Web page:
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A stylized thriller among the new wave of Indian films paying homage to the seminal Indian action genre, ‘FORCE’ combines state-of-the-art fight sequences and thrills with an original romantic narrative, delivering an abundance of on-screen energy and vigor that will have audiences gripped from the opening sequence to the end credits.
Directed by the critically acclaimed, Filmfare and National Award winning Nishikant Kamat ‘FORCE’ is a contemporary action romance and a Hindi reinterpretation of the Tamil blockbuster, ‘Kaakha Kaakha’, which achieved widespread popularity among audiences and critics alike. ‘FORCE’ is produced by Vipul Amrutlal Shah who previously brought cinemagoers screen gems such as ‘Aakhen’, ‘Singh is Kinng’ and ‘Namastey London’.
At the heart of the action-love story is a renegade cop, played by John Abraham, in relentless pursuit of a ruthless, underworld gangster. He believes that the only way to eradicate crime is to give criminals the bullet – not hand cuffs. Sharing screen space with John is one of the most vivacious and exuberant talents, as Genelia D’Souza plays John’s love interest. The seat-grabbing suspense is perfectly balanced with passionate romance and a melodious soundtrack, masterfully composed by one of the leading Indian music composers, Harris Jayaraj.
Yashvardhan is a hardheaded senior narcotics officer who doesn’t play by the book but always ensures that justice is served. In the midst of his most dangerous and significant operation to crack down on India’s drug cartels, Yashvardhan encounters a ruthless enemy who will stop at nothing until he gets his revenge for the damage done to his business by the narcotics team. He also meets the free-spirited Maya, whose love pushes him to make a choice between the life he already knows and the life he could have with her. Yashvardhan’s decision to let happiness and normalcy into his life changes his life forever.
A raw rugged cop`s tale of vicious vendetta fused into a tender romance seems like a hard act to live up to. But Nishikant Kamat, seeking inspiration from a hit Tamil film Kaakha Kaakha manages just fine.
He gets incredible support from dialogue writer Ritesh Shah, who infuses every exchange on love (with the girl who won`t take no for an answer) and war (against drug peddlers) with a kind of lived-in warmth and familiarity.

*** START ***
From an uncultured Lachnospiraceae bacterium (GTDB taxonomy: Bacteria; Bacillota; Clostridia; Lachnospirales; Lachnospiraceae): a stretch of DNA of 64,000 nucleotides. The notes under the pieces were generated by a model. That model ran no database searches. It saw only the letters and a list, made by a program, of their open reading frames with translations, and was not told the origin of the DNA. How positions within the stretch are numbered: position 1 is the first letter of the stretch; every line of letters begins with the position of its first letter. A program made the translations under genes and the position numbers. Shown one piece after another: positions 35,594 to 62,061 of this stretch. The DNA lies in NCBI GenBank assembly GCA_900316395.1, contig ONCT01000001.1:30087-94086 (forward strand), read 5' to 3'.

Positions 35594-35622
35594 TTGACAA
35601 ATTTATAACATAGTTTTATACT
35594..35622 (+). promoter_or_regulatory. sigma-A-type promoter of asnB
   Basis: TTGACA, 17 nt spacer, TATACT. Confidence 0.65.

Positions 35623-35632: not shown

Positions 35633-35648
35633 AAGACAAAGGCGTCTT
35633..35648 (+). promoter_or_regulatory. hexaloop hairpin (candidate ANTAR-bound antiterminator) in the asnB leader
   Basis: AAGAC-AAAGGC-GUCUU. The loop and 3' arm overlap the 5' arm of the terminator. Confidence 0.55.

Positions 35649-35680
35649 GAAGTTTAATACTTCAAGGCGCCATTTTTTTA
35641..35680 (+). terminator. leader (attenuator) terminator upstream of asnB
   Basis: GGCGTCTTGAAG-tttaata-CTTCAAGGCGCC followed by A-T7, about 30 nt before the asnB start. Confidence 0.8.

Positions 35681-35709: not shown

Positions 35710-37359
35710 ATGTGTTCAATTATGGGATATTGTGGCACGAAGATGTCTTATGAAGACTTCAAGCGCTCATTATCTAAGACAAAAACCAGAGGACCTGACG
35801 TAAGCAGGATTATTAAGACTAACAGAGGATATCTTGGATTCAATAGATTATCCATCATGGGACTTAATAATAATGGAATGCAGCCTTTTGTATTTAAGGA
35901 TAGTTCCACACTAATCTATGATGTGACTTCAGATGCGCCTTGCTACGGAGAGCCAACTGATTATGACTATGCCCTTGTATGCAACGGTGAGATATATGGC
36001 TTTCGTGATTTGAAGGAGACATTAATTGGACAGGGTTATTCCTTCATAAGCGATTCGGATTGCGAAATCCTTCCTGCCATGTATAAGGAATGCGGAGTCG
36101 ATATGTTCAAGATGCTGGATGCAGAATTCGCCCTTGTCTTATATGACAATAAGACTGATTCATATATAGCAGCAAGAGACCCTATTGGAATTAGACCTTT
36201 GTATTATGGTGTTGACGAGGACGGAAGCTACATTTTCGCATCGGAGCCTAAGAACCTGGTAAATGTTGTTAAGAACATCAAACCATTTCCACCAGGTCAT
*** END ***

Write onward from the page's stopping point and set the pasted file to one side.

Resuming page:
Kamat, who earlier made Mumbai Meri Jaan on terrorism and the city of Mumbai, here has a blast bringing back the old-fashioned action hero. John Abraham has worked hard on his physique and his expressions too look like a cop who thinks falling in love would take him away from his line of duty.
Enter the vivacious effervescent girl nextdoor. Genelia with her multiplicity of expressions aptly plays Bubbly to this duty-bound Bunty who would rather not get entangled in human foibles like love and family. But the inevitable happens.
Kamat lovingly weaves the love story between the impish girl nextdoor and the gentle giant into the persistent call of duty, making sure the film`s claims to be an action film doesn`t get drowned in mush.
While the first hour is a loose bag of striking shootouts staged in crowded localities of Mumbai and some highly dispensable romantic songs, it is the second-hour where the narration really gathers momentum pitching the relentless cop against his chief adversary a drug dealer named Vishnu, played with arresting elan by debutant Vidyut Jamwal.
The man-to-man confrontations between Abraham and Jamwal have a rousing rugged resonance to them. They may make you squirm with their brutality. But the two look like well-matched opponents. Action director Allan Amin devises combats that convey a bone-crunching realism.
The two adversaries take care of the rest. John gives a finely pitched performance looking every inch like the action hero who can deliver that punch. He handles both the brutal and tender moments in the violence and romance, with ease.
Newcomer Vidyut Jamwal makes a formidable adversary. The menace is not only in the physique but the tone. This man means business. Some of the supporting cast is interesting too.
Force is a full-on action film with balls, brawn and brains. It`s the kind of virile cinema where action speaks louder than words. Blessedly the narrative secretes some fine dialogues and tender love story that goes with the turbulent territory. Nishikant Kamat balances out the colour khaki with sharp colours of humour and romance.